Yes, not for publication, but for pleasure the way I always had. Then I got a gig at Loaded magazine, which was a men’s magazine in the ’90s and is now actually a really crap tits-and-arse magazine. But in those days there were men on the cover and it was really funny. Sorry, I’m aware this is a very convoluted answer.

It’s alright.

My life’s been kind of weird so I find it difficult to answer these questions in a satisfyingly short way.

[Laughs]. So you go from being this “rapscallion,” to use an old word…

Yeah, I was a bad girl. I was out all the time and looked like jailbait. And I had a much older boyfriend. I used to go to clubs where lots of people were taking drugs—although I wasn’t I have to say, generally. And because my uncle ran nightclubs I spent my teenage life hanging out with Leigh Bowery and Michael Clark and Bananarama. I have this really clear memory when I was 12 of going to charity shops with Leigh Bowery and him getting me to try old ladies’ shoes on and us laughing. I had no concept then what an honour and privilege that was.

So how come you left home?

I was just really unhappy. I was in love with a man—I thought I was anyway. And my mother and I had never got on at all. She left when I was a toddler. I grew up with my dad, and then we moved in with my mum much later on and it never really got off to a good start. So I ran away from home with 20 pounds that I borrowed from my brothers.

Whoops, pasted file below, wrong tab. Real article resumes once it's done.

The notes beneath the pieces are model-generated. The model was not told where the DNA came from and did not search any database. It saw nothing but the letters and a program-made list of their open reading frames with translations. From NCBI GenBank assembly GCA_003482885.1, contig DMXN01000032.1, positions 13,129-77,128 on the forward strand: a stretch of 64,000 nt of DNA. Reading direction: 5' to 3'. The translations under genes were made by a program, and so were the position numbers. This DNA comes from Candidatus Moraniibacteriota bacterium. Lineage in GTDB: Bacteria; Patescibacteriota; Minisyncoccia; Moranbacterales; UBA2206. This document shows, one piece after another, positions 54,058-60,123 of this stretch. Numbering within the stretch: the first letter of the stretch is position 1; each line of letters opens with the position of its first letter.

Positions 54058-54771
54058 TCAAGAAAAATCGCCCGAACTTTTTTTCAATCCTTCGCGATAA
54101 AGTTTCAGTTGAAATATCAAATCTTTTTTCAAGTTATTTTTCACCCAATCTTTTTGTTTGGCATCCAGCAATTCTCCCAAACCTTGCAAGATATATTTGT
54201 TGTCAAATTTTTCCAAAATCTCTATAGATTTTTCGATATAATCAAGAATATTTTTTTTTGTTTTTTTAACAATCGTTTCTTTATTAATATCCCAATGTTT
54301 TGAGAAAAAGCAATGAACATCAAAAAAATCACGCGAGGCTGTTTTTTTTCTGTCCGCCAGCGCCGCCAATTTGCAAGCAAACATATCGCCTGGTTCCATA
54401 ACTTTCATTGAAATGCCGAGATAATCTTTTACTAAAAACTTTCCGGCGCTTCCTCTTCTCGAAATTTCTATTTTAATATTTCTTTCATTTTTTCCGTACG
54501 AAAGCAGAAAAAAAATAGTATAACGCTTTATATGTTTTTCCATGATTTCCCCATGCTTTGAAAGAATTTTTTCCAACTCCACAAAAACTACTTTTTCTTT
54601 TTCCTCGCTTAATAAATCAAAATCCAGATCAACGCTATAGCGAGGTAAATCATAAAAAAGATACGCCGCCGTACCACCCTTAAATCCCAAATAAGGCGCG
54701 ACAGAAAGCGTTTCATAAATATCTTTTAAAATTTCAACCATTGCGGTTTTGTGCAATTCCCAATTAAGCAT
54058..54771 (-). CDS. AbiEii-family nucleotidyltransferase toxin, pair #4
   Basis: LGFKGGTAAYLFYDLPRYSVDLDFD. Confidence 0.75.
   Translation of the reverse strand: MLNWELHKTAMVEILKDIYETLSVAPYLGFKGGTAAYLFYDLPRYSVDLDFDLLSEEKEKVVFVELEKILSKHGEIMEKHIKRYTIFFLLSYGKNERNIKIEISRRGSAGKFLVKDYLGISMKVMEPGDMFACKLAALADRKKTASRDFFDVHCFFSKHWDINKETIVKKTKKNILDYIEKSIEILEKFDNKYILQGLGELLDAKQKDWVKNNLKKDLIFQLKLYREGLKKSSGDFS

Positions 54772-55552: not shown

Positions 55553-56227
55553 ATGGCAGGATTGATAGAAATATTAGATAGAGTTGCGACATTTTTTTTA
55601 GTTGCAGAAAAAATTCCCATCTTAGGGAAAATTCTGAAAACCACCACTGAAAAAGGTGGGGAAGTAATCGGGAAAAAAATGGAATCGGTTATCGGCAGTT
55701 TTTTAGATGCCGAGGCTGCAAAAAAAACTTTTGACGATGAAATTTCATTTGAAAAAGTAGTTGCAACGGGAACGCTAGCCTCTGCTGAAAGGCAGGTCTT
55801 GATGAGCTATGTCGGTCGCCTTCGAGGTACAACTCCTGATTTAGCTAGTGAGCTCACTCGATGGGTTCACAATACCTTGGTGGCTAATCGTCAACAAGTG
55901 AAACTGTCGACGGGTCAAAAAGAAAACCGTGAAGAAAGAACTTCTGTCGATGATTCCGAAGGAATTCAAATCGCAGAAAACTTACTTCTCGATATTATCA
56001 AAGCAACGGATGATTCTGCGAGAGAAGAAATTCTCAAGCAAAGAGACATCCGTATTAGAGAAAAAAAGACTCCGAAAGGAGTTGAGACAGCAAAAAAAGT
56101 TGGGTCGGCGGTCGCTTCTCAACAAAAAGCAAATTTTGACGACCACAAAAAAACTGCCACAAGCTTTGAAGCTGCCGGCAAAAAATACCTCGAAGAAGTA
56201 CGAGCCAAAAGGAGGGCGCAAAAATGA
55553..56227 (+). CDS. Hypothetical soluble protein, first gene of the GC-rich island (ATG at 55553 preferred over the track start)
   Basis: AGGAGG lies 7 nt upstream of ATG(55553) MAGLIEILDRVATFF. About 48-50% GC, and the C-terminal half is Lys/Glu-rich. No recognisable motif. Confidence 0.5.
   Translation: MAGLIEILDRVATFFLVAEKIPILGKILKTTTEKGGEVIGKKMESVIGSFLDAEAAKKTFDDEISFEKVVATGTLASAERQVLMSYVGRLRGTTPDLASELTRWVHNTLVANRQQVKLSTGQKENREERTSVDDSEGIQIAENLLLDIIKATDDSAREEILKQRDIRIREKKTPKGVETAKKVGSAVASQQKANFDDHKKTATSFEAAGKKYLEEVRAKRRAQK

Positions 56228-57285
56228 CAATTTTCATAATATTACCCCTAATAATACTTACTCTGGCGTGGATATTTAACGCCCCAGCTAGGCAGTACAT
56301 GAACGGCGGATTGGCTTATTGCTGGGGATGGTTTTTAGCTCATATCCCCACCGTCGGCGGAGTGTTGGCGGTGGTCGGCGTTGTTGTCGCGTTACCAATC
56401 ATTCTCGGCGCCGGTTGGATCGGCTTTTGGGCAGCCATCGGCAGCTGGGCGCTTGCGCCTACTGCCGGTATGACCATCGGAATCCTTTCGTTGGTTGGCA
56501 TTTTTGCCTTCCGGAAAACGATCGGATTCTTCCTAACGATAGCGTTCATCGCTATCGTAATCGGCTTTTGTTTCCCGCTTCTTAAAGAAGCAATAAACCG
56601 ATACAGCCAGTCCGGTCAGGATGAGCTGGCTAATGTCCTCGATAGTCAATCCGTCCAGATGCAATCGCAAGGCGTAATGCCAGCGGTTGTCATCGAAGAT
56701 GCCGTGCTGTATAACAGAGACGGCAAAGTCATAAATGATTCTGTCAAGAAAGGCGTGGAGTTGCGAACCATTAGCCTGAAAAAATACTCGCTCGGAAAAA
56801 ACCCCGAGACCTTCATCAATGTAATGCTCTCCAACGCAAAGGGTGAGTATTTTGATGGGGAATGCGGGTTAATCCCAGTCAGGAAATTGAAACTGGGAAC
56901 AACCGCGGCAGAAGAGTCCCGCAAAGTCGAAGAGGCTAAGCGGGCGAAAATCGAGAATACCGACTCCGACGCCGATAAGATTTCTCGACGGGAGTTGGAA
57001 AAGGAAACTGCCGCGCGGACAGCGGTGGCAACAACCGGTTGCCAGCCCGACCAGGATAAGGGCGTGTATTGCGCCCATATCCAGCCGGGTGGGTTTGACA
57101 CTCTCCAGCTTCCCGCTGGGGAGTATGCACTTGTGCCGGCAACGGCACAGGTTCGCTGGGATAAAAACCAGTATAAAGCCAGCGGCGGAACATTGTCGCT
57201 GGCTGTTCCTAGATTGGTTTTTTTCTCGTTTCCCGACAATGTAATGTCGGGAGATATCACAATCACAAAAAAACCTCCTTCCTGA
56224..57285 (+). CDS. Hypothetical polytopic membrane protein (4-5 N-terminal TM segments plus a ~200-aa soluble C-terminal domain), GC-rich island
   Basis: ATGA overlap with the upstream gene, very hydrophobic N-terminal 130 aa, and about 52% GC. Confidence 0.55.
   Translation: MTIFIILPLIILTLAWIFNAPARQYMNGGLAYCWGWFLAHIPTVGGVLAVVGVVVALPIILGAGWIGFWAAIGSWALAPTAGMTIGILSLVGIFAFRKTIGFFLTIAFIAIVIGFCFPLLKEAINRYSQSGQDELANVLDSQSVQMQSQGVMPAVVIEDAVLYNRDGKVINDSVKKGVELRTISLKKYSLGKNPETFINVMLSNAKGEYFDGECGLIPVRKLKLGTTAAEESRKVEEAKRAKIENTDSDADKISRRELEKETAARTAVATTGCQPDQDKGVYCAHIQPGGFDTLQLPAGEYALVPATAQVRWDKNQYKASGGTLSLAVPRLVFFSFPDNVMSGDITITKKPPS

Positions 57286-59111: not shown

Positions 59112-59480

It’s almost Dickensian.

It sounds so farfetched but this is genuinely what happened. I had a 20-pound note. And my train ticket was 12-pounds-50 I think. So I had seven-pounds-50 left when I arrived in London.

It seems you’ve had to foster a really strong work ethic—you know, head down, bum up—to get to where you are.

I worked really hard. I still work really hard. And I think the truth of it is I work incredibly hard because I feel I only have myself to rely on. I have never been one of those people who feels like if the shit comes down, mum will help out, dad will help out. I don’t have that. I feel completely on my own. I’m not lonely, I love my friends, I love my boyfriend, I love my children. But I’m completely self-sufficient. I am going to have to sort the shit out, and that’s how I feel all of the time. And now I have my kids relying on me. So there’s an added pressure.